Everyone who will be entering transactions needs to understand the chart of accounts and how to use it. Consider holding a training session to go over the basics.

6 – Use and Maintain Your COA

Going forward, all financial transactions should be recorded using the new COA. It’s also a good idea to review your COA periodically to ensure it continues to meet your needs. You may need to add, delete, or merge accounts as your church’s activities evolve.

Example Chart of Accounts

Each financial transaction is recorded in at least two different accounts and the chart of accounts categorizes these transactions into five main types: assets, liabilities, equity, revenue, and expenses.

Here’s a basic sample chart of accounts for a church.

  1. Assets
    • 1010: Checking Account
    • 1020: Savings Account
    • 1030: Cash on Hand
    • 1050: Buildings
    • 1060: Equipment
    • 1070: Vehicles
  2. Liabilities
    • 2010: Accounts Payable
    • 2020: Accrued Expenses
    • 2030: Loans Payable
    • 2040: Mortgage Payable
  3. Equity
    • 3010: Unrestricted Net Assets
    • 3020: Temporarily Restricted Net Assets
    • 3030: Permanently Restricted Net Assets
  4. Revenue
    • 4010: Tithes and Offerings
    • 4020: Special Offerings (Mission, Building Fund, etc.)
    • 4030: Fundraising Income
    • 4040: Rental Income
  5. Expenses
    • 5010: Salaries and Wages
    • 5020: Benefits
    • 5030: Utilities
    • 5040: Office Supplies
    • 5050: Repairs and Maintenance
    • 5060: Ministry Expenses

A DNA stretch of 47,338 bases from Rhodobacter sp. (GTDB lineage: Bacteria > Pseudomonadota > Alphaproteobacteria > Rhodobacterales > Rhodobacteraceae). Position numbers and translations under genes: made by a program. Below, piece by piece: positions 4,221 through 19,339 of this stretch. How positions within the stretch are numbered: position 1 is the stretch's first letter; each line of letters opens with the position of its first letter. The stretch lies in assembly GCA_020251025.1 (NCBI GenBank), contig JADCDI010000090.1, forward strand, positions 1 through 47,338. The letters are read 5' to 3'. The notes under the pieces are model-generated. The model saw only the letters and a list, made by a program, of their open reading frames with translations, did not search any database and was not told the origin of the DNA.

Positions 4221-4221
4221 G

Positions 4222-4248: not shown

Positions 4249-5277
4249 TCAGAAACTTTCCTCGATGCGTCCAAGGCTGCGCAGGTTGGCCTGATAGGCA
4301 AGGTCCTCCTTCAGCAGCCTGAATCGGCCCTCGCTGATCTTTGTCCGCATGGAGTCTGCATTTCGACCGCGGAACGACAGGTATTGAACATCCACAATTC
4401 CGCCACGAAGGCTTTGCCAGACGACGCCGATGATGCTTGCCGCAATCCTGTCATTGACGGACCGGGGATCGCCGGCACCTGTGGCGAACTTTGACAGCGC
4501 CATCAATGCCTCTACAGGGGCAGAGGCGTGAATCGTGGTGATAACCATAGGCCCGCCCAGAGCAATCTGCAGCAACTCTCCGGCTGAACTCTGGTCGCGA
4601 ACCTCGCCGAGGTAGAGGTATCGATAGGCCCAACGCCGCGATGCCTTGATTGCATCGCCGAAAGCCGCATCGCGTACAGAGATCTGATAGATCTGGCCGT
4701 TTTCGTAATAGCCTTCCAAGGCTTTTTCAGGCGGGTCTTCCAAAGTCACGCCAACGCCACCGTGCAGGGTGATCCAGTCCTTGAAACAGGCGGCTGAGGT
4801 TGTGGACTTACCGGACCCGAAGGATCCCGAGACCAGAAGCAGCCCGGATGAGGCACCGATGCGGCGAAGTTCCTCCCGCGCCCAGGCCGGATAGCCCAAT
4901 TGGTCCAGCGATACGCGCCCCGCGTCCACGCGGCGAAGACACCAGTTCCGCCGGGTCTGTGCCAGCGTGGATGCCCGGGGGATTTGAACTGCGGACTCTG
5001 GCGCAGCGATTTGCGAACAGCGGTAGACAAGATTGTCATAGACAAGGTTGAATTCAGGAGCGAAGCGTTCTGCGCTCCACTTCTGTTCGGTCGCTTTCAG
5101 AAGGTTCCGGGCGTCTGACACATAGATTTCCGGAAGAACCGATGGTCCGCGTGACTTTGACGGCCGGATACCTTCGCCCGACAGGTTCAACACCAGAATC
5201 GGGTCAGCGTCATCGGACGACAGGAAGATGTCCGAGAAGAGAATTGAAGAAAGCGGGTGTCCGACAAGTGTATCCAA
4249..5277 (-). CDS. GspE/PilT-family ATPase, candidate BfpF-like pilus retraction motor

• 5070: Mission Support
    • 5080: Mortgage or Rent Payment

Please note that this is a very basic chart of accounts and the actual might include many more accounts depending on the complexity and size of the church.

Creating a Chart of Accounts with ACCOUNTS

Creating a chart of accounts using ACCOUNTS by Software4Nonprofits is both easy and beneficial for several reasons:

  1. User-Friendly Interface: The software has a simple, intuitive interface that makes it easy to navigate and use, even for those with limited accounting or technical knowledge. The steps to create a chart of accounts are clearly laid out, and the process is straightforward.
  2. Customizable: ACCOUNTS allows you to customize your chart of accounts to suit the specific needs of your organization. You can easily add, edit, or delete accounts, and you can assign each account a unique number, name, and type.
  3. Tax Line Assignment: If you’re in the U.S. or Canada, the software allows you to assign a tax line to each account. This feature can simplify the preparation of your tax return and ensure that your accounts align with the relevant tax categories.
  4. Comprehensive Reporting: Once your chart of accounts is set up, ACCOUNTS makes it easy to generate a variety of financial reports. These reports can provide valuable insights into your organization’s financial health and help you make informed decisions.
  5. Support and Resources: Software4Nonprofits provides a range of resources to help you use their software effectively, including a detailed user guide, video tutorials, and responsive customer support. This means that help is readily available if you encounter any difficulties while creating your chart of accounts.
  6. Designed for Nonprofits: Unlike many other accounting software options, ACCOUNTS is specifically designed for nonprofit organizations. This means it includes features and options that are relevant to nonprofits, such as the ability to track donations and grants.

In summary, ACCOUNTS by Software4Nonprofits makes it easy to create a chart of accounts by providing a user-friendly, customizable, and supportive environment that caters specifically to the needs of nonprofit organizations.


Setting up a Chart of Accounts for a church involves a careful balance. You want the COA to be comprehensive enough to capture all financial activities, but also straightforward enough to be easily understood and used by those responsible for bookkeeping and accounting. Also, it’s essential to get input from people who understand the church’s financial statements, like the treasurer or finance committee, when setting up the COA.